think that the open-source nature and passionate community behind
the platform makes it so easy to find the help you need in customizing
for WordPress.

As you mentioned - my Premium News theme is a prime example of what
can be achieved with WordPress. And if proof is in the pudding, I
guess it comes down to WordPress being so flexible and easy to code for.
Choosing WP over other CMS's is perhaps a personal preference for most,
but in the future it'll become the automatic first choice to many.

>> Does the WordPress development team handle updates, bug fixes and
feature requests properly?

Oh yes! Evidence of this is the regular releases of updated versions
of WordPress, which generally includes bug fixes and new features.

>> Where do you see WordPress going in the future?

I've probably mentioned my vision of where WP is going a few times
already in this interview. But I definitely believe that WP will
become a fully-fledged CMS that will rival the big, commercial
offerings like ExpressionEngine.

>> Finally, do you have any advice or tips to share with our readers
that just got started with WordPress?

Read and explore. Ultimately you need to play around with WordPress
to master it, and, by reading and following top bloggers and designers,
you will get the inspiration you need to push your WP-related skills
to the limit.

Featured Scripts: ----------------------------------------------------

PHP - Email Inviter
Allows you to import contact lists from Hotmail, Gmail and Yahoo!

JavaScript - Progress Bar
A DHTML progress bar showing actual percentage.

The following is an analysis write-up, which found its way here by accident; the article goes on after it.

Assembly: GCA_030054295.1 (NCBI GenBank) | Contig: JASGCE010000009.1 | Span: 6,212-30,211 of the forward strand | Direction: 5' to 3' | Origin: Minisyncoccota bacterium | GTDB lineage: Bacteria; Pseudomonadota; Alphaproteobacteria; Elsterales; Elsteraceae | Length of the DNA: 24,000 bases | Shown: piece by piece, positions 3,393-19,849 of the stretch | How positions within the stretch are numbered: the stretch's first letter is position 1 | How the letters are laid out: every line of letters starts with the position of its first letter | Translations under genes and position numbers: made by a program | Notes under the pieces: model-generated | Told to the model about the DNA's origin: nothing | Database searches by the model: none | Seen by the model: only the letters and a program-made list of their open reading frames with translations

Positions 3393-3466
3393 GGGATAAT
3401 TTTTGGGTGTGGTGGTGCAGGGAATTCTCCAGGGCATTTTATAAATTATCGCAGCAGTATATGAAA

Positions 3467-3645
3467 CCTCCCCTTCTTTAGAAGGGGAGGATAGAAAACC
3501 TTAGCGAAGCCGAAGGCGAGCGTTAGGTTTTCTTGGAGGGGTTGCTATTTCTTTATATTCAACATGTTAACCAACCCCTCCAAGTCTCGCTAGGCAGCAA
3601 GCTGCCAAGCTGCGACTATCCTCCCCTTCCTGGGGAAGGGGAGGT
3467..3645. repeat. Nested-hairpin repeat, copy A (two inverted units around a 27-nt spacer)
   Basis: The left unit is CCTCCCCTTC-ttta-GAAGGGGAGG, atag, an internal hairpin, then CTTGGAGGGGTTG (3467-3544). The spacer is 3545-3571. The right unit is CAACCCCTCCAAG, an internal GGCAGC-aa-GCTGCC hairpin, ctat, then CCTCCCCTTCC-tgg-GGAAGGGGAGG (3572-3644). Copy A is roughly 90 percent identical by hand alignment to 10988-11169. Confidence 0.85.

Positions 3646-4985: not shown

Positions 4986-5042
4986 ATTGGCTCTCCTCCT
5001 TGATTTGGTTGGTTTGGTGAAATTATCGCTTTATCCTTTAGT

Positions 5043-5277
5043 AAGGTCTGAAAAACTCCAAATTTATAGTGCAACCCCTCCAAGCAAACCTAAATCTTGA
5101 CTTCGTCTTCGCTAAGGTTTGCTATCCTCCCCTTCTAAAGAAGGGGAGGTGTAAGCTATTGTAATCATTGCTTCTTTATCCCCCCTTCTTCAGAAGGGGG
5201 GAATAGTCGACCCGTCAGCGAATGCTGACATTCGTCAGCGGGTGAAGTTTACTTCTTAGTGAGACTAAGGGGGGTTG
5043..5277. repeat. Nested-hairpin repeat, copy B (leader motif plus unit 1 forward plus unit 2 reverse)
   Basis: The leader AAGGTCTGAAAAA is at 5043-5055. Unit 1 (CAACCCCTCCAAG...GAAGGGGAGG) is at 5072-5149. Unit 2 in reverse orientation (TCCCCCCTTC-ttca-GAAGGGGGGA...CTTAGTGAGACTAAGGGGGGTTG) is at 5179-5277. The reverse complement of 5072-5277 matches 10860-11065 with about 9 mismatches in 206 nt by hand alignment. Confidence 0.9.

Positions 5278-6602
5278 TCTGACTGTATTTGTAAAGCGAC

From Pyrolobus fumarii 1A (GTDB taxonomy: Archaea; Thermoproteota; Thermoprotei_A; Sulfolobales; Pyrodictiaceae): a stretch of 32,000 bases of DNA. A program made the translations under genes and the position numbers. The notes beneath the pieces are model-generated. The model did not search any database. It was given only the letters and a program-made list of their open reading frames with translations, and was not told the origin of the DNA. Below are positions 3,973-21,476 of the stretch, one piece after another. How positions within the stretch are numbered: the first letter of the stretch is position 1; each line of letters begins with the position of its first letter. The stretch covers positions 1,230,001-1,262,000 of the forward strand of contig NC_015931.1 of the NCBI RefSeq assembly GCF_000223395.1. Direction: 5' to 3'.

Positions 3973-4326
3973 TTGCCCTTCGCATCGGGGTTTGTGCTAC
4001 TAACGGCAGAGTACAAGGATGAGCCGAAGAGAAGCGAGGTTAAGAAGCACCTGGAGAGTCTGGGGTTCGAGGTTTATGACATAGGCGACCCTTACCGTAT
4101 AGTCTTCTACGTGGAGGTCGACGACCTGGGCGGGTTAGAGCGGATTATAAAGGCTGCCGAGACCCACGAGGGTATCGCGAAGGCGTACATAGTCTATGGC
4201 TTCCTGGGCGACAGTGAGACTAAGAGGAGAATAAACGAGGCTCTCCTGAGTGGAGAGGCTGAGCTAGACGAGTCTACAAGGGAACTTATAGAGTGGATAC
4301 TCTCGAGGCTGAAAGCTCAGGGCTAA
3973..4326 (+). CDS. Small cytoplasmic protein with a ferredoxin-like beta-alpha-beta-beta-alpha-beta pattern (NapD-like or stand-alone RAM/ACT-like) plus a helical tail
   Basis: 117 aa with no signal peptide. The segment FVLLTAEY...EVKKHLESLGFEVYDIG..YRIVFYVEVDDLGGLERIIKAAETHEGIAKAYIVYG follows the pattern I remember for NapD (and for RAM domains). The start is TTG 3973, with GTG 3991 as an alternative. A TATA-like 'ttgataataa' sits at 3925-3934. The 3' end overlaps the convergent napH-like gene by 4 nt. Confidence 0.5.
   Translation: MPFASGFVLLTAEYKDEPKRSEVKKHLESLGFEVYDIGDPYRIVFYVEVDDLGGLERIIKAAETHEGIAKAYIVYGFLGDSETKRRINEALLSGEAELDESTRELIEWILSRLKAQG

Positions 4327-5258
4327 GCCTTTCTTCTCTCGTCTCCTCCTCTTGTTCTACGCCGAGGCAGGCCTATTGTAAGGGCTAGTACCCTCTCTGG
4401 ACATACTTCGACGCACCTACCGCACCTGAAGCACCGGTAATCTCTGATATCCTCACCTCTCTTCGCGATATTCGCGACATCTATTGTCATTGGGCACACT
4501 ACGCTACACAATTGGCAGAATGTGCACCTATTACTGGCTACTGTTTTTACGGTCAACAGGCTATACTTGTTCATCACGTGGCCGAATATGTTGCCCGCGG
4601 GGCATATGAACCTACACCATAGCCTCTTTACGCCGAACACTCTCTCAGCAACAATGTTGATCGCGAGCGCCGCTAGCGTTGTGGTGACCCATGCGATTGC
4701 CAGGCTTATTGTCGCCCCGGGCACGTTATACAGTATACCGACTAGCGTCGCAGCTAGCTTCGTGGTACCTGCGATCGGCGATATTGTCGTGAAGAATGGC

ASP - My Little Helpdesk
Browser-based help desk software.

AJAX - Webshare
A user-friendly interface for online file management.

CGI & Perl - eBackUp Automated
A fully automated Perl based backup solution.

Flash - Flash Scrolling Messages
Scroller that interacts with PHP and allows creating a message scroller.

Ruby on Rails - Mystic
An open source trouble ticket system

UI Design Patterns  -------------------------------------------------

It has long been common practice to reuse, recycle and not reinvent
the wheel unless necessary. This concept is well established in web
development where developers make use of code snippets, classes and
frameworks. Similarly, UI Design Patterns are solutions to common
functionalities in graphical user interface like breadcrumbs
navigation, form layout, pagination and others. [] and
[] are two popular pattern libraries
that categorize design patterns by the areas of the web site and
provide code examples and implementation notes. While there are no
standards as to how these should be used, these libraries provide
excellent examples for inspiration.

HTML 5 First Public Draft --------------------------------------------

The W3C HTML Working Group has released the  HTML 5 working draft
[] last week. Many new
features have been introduced in this newer version of HTML aimed at
helping designers and developers build better web applications.
Several new elements have been introduced for layout like <navigation>,
<header>, and <footer> and various attributes have been depreciated
in favor of CSS. Some old features, like frames, have also been removed.

You can find a list of difference between the current version of HTML
and that of HTML 5 in this article
[]. While it will take
some time for browsers to fully support these new features, the future
of HTML 5 is a very big step forward toward improving interoperability.

Thanks ---------------------------------------------------------------